Spiti (locally pronounced Piti) or the middle country, has its sub divisional headquarters at Kaza. The river Spiti originates at the base of the Kunzam range and flows eastward to join the Sutlej at Khab in Kinnaur. In practical isolation for centuries, Spiti has an intensely introvertive culture centred around its several monasteries- Dhankar, Ki, Tabo, Mud, Gungri, Lidang, Hikim, Sagnam, Mane Gogma and Giu to name a few. Spiti was loosely ruled for many centuries by a hereditary wazir, styled Nono. The majority of the people are Buddhists, followers of the Geluk-pa sect. The repetition of the mantra “Om mani padme hum” (literally, ’Behold, the jewel is in the lotus’), is constant; it is believed to bring good fortune and wash away all sins. For all the seeming bleakness, Spiti possesses a haunting beauty.
On the left bank of the Spiti river at a distance of 32 kms downstream from Kaza, near Shichling at an altitude of 3870 m, nestles the citadel of Dhankar, the official capital of Spiti. The citadel is built on a spur which projects into the main valley and ends in a precipice. The location of this fort is strategic as Spiti always had to suffer innumerable aggressions by its neighbors. The location allowed the Spitian to keep vigil on the approaches and to submit messages to surrounding inhabitations in case of danger. Whenever the Spitians were attacked, they built huge fires to signal meeting in the safe sanctuary of rocks, i.e., Dhankars. In the meeting all men and women decided the course of action to be taken against the aggressors.
From the small hamlet of Attargu the track leads through deserted and rugged terrain over heights of around 3800 metres into the Lingti valley. Lingti is the third biggest river, after the Pin which pours its great waters out into the spiti. The road into the Lingti valley leads along the slopes of the Lingti’s right bank in serpentine curves from which one has a giddy view of the few medieval settlements along the river. After an hour-long drive the valley opens up a little for the rich pastures of Lhalung town, consisting of barley and the yellow rape that adds another beautiful colour to the reduced palette of Spiti.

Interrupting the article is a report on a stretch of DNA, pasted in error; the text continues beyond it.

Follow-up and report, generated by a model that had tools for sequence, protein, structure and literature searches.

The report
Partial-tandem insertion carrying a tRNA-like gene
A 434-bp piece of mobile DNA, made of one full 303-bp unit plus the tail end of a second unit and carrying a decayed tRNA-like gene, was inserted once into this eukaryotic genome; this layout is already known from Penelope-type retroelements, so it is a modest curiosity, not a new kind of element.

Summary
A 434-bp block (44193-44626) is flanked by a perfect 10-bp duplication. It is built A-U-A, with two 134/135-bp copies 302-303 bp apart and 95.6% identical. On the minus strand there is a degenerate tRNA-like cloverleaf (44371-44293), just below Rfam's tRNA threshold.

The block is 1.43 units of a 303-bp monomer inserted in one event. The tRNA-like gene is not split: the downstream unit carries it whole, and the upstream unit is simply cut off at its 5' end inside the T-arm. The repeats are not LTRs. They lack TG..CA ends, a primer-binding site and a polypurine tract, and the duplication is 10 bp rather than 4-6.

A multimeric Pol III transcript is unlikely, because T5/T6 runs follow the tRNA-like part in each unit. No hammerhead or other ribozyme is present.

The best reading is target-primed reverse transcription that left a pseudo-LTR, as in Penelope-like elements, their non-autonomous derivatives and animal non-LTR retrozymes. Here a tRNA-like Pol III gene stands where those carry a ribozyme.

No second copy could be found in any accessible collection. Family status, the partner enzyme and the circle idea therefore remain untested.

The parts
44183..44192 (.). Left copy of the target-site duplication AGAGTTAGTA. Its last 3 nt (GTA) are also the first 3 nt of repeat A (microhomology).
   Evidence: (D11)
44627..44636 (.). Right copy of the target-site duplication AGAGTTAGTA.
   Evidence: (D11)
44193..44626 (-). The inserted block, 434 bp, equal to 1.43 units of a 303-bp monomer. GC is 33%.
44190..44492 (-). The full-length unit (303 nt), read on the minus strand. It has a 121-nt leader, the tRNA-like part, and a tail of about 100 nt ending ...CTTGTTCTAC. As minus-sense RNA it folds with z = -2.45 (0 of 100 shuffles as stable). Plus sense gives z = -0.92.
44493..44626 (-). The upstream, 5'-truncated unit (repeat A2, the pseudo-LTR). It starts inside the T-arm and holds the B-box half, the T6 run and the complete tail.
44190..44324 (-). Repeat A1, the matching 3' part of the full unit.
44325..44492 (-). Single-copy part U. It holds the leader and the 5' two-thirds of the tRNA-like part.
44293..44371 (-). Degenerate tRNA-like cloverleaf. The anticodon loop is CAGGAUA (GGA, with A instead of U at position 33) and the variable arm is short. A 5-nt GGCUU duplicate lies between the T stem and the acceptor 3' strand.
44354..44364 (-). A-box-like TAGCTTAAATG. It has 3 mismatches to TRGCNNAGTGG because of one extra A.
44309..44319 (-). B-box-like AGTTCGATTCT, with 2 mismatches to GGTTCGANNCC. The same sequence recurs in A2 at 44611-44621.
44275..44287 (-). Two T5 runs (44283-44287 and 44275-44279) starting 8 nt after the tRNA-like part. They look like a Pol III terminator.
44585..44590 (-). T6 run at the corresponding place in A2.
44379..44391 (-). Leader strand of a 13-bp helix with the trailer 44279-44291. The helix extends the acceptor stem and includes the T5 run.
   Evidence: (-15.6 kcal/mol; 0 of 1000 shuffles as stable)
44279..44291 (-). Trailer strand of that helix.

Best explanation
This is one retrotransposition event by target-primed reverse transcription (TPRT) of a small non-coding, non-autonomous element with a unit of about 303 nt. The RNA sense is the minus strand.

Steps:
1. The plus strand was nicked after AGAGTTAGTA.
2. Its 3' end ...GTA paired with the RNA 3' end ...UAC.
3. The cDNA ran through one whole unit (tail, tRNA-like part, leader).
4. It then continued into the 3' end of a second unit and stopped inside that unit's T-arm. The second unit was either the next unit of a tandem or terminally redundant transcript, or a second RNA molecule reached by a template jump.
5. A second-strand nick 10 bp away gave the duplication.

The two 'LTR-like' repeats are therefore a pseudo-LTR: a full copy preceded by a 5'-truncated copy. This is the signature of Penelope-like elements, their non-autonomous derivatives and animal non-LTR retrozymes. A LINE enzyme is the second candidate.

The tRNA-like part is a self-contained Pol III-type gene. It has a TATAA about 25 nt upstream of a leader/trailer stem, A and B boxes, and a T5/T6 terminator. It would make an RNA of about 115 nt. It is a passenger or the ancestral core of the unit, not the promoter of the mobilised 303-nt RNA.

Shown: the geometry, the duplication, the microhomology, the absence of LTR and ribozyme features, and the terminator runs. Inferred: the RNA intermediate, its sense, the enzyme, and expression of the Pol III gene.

This pass is situated at 60 kms from Gamphu on the Gramphu-Kaza- Sumdo road. It provides chief access to the Spiti-valley from Lahaul which is separated from the Spiti valley by the great Kunzom range, and from where the Spiti, pronounced Piti, the chief river of the area takes its source. Though higher than the Rohtang Pass, Kunzom is safer and provides easier ascent and descent. The altitude of this pass is about 4590 m. The panorama as viewed from the top is breathtaking. The lofty Shigri Parbat can be seen right in front in all its grandeur. The crest of the pass has been marked by a chhorten of stones erected ages ago. Recently a temple has been built on the top. A hut has also been built for the people to take shelter.
Lossar is the first inhabited village on the Spiti side if you advance to the valley from Manali over Kunzom pass. Situated at a height of 4,085 m., the village is singularly secluded. Sight of Lossar to a trekker coming down from Kunzom brings instant relief. The neatly white-washed mud houses with red bands look extremely picturesque. The contrast is rendered all the more appealing by verdant fields and willow plantations around the village. According to Gerard, “Lofty as the level of Lossar is, there is little in the landscape to betray its position when viewed in summer, embosomed in flourishing crops and herds of Pashmina wool goats. Yaks and horses meet the eye upon the high activities of the mountains, and an ardent sunshine keeps the air looming from the effect of mirage.
Overlooking Kaza from a height of about 13,500 ft, the Kye monastery is the largest in the valley and holds a powerful sway over the most populous part of the valley around Kaza. The gompa is an irregular heap of low rooms and narrow corridors on a monolithic conical hill. From a distance is resembles the Thiksey monastery near Leh in Ladakh. The irregular prayer chambers are interconnected by dark passages, tortuous staircases and small doors.
Kibber is located at a height of about 14,200 ft in a narrow valley on the summit of a limestone rock. It is only 16 kms from Kaza and a bus service plies between these two places in summer. Kibber is a rather pleasant village with plenty of cultivation. The moment you get down from the bus you are greeted by lush green fields which look strikingly refreshing against the arid backdrop of lofty hills.
There are only 80 houses in the village. The remarkable feature about the architecture is the use of stone instead of mud or adobe brick used extensively in the valley. There are a civil dispensary, a high school, a post office, a telegraph office and a community TV set in the village.
One of the four local units of Spiti is the Pin valley which lies on either side of the Pin river. Geographically, the Pin valley is shut off from the rest of Spiti by high mountains. The only opening has been provided by the Pin river that forces its way through a deep narrow gorge to join the main river Spiti, at Attargu.The Pin valley is famous for its internationally recognised Chaumurti horses that are bred and sold for considerable sums in Rampur-Bushahar during Lavi fair and in Ladakh. The climate and the rich grass of the valley produce extremely sure footed horses able to negotiate great heights without much difficulty. A tourist in the Pin valley may see scores of horses, colts and fillies grazing on the river banks and some youths galloping away on these horses singing wildly in joyous abandon.